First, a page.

program for people with disabilities, NLIHC supports provisions giving PHAs the
authority to increase the payment standard to 120 percent without having to seek
HUD approval as a reasonable accommodation to persons with disabilities.
Expanding affordable rental stock by improving project-basing of vouchers
NLIHC supports provisions that have been in most versions of housing reform legislation that would improve how vouchers could be project-based into properties, allowing otherwise unaffordable units to meet the affordable housing needs of the lowest income households.
There are several provisions to improve the project-basing of vouchers, all of
which NLIHC supports including in any housing reform bill:
1. Changing the limitation on vouchers that can be project-based from 20 percent
of an agencys voucher funding to 20 percent of an agencys authorized vouchers.
2. Allowing a PHA to use an additional 5 percent of authorized vouchers to serve
persons with disabilities, elderly households or homeless populations or be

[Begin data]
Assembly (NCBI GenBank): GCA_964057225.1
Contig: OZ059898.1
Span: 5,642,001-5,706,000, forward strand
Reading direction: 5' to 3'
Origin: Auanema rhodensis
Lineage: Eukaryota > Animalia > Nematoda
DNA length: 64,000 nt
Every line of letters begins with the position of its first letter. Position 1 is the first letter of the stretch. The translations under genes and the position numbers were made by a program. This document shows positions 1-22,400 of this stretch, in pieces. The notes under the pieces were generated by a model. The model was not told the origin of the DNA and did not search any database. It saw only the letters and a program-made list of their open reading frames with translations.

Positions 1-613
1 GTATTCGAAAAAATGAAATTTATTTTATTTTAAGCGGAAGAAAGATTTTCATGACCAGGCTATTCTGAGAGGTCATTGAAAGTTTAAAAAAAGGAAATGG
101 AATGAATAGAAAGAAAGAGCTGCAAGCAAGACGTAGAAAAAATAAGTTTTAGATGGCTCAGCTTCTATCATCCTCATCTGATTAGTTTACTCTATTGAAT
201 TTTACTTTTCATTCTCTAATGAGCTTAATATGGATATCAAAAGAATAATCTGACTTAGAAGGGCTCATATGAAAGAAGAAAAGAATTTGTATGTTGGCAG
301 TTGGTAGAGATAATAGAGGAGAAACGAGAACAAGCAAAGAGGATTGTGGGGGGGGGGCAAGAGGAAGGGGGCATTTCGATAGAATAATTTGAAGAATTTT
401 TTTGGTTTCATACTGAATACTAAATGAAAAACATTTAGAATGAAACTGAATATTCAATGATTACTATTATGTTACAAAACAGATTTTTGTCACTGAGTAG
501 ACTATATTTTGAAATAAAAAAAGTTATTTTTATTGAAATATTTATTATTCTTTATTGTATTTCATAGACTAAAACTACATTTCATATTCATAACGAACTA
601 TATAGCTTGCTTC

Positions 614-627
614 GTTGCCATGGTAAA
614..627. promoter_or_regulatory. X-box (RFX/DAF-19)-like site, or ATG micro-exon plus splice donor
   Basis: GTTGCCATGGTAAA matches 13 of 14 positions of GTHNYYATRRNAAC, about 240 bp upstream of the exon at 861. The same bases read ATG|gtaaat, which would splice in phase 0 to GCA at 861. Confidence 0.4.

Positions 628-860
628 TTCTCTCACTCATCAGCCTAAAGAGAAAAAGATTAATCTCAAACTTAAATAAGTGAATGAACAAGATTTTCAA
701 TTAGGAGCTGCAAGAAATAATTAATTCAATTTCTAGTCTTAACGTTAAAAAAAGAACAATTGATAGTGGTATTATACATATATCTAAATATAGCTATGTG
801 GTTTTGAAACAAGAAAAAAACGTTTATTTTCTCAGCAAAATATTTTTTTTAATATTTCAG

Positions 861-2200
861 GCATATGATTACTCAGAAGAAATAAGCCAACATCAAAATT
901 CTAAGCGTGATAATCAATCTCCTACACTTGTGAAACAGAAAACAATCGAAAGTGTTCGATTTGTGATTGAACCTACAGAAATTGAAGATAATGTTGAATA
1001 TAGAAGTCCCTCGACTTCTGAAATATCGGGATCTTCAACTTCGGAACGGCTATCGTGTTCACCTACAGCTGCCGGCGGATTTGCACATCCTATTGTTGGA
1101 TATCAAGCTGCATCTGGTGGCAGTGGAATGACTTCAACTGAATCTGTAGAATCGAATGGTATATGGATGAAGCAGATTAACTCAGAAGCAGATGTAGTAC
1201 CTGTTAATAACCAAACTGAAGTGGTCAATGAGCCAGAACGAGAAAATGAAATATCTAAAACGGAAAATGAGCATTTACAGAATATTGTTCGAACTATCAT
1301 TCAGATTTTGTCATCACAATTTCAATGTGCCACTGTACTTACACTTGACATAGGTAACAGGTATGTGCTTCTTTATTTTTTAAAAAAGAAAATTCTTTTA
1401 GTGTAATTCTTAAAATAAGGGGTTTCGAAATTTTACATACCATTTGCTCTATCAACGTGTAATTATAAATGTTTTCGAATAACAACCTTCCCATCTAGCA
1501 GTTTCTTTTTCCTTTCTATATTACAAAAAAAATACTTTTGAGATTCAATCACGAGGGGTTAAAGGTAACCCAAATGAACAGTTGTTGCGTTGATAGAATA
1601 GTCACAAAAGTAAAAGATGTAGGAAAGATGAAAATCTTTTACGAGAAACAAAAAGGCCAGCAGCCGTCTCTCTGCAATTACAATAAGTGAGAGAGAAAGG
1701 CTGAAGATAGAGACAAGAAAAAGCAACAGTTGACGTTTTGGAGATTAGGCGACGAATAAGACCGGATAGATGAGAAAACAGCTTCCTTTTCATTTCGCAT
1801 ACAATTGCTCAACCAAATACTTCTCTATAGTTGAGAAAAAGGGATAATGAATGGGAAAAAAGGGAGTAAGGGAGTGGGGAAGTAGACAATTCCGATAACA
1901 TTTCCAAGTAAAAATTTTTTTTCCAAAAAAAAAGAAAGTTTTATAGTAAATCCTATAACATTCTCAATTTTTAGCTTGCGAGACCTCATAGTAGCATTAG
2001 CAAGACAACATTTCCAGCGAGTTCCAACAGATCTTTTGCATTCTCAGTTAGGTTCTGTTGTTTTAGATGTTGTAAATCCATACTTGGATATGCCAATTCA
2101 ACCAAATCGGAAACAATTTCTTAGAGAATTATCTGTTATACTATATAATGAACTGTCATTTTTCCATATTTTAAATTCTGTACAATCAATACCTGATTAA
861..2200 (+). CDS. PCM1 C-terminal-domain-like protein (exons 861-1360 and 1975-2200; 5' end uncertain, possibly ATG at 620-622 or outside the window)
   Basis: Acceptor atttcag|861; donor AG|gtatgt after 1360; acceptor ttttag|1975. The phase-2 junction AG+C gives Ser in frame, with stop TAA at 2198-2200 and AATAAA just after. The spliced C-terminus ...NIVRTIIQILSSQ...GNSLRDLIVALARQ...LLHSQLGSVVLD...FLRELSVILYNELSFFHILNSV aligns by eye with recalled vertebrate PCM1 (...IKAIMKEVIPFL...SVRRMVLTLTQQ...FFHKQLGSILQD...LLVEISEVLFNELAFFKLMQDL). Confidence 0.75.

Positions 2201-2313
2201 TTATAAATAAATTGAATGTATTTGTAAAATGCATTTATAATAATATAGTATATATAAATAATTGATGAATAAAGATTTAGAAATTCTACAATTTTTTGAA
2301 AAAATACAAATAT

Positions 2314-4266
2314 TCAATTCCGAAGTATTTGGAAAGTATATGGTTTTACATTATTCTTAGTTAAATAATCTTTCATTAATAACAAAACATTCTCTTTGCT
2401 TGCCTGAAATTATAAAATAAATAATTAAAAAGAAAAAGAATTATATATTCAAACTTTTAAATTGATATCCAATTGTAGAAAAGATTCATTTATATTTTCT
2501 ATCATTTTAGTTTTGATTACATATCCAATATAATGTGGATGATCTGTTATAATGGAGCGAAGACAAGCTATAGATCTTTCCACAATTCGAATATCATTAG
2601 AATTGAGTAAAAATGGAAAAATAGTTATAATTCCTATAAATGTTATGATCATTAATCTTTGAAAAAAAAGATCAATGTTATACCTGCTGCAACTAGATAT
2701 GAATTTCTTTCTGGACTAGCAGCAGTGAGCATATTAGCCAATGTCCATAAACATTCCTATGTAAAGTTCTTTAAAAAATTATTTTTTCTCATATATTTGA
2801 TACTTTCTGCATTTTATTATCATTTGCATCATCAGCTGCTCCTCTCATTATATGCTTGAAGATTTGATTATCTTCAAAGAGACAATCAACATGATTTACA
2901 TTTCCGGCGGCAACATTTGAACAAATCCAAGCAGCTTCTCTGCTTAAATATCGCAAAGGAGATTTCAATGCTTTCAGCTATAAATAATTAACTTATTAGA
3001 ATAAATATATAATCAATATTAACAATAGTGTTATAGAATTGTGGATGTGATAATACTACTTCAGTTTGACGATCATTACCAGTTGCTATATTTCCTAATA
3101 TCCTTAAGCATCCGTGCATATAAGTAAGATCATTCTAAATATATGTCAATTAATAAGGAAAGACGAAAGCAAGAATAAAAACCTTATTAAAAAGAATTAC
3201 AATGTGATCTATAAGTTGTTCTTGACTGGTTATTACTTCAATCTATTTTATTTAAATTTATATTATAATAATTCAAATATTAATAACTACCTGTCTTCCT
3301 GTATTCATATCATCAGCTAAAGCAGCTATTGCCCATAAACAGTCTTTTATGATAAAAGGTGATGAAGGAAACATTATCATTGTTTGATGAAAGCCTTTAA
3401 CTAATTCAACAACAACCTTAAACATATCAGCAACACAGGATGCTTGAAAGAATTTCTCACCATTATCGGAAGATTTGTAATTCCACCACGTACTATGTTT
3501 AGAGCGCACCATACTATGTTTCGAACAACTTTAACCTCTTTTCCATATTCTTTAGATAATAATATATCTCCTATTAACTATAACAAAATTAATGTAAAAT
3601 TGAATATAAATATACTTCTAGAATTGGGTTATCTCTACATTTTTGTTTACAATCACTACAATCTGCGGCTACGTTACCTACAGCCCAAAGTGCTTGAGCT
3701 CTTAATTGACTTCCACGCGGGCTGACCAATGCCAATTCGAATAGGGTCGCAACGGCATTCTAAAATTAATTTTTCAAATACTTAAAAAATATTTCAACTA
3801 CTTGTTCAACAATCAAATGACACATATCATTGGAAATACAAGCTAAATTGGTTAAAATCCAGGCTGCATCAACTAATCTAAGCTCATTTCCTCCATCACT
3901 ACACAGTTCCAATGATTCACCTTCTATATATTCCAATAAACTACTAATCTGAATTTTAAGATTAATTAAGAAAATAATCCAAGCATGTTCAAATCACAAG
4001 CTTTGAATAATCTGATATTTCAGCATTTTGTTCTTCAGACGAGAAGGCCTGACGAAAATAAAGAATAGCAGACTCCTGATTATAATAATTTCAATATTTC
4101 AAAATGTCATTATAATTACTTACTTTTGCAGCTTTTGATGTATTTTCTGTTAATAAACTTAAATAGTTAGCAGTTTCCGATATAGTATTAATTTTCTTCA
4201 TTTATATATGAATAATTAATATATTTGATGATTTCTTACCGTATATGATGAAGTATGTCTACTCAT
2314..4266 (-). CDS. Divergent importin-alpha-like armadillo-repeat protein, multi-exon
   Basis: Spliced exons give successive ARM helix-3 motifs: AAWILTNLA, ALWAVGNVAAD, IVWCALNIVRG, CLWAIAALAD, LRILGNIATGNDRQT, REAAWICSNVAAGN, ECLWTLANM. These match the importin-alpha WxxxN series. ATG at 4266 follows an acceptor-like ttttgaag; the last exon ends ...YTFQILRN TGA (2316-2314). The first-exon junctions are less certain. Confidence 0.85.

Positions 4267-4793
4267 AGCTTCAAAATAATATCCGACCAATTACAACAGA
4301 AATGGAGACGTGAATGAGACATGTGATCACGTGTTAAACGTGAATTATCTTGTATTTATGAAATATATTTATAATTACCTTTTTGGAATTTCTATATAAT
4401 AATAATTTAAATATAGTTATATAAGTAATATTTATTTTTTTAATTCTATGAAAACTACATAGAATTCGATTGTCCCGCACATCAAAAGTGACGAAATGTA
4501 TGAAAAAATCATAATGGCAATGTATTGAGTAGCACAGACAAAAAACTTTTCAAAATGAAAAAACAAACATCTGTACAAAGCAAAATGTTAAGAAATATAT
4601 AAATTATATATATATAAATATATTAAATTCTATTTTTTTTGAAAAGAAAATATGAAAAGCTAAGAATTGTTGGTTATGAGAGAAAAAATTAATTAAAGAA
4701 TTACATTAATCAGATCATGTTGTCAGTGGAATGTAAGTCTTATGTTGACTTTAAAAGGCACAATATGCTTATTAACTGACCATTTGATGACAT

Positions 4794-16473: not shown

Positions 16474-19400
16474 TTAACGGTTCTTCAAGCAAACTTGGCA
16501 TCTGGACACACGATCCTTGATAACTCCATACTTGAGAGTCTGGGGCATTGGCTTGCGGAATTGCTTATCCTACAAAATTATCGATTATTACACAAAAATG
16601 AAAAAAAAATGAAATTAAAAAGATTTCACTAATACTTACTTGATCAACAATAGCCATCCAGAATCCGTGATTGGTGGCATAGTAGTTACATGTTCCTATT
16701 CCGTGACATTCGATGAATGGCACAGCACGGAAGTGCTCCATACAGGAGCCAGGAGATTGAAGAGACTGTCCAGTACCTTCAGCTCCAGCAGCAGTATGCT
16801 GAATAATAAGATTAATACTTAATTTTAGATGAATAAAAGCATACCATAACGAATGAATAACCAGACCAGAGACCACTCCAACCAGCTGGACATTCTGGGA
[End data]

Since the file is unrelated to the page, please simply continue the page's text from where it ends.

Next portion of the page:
used in areas where vouchers are hard to use.
3. Increasing the number of units a PHA can provide with project-based voucher
assistance in smaller properties.
4. Increasing the maximum contract term for project-based vouchers from 15 to
20 years.
Improvement to the project-basing of vouchers can help programs like the Low Income Housing Tax Credit (LIHTC) serve more extremely low income households in
an affordable way. Without additional subsidies, often in the form of a Housing
Choice Voucher, Low Income Housing Tax Credit units are simply not affordable to
extremely poor households. Vouchers, and project-based vouchers, ensure stable
housing as a familys income fluctuates. Doubling up Federal subsidies in LIHTC
units by adding a voucher makes these units affordable for the households with the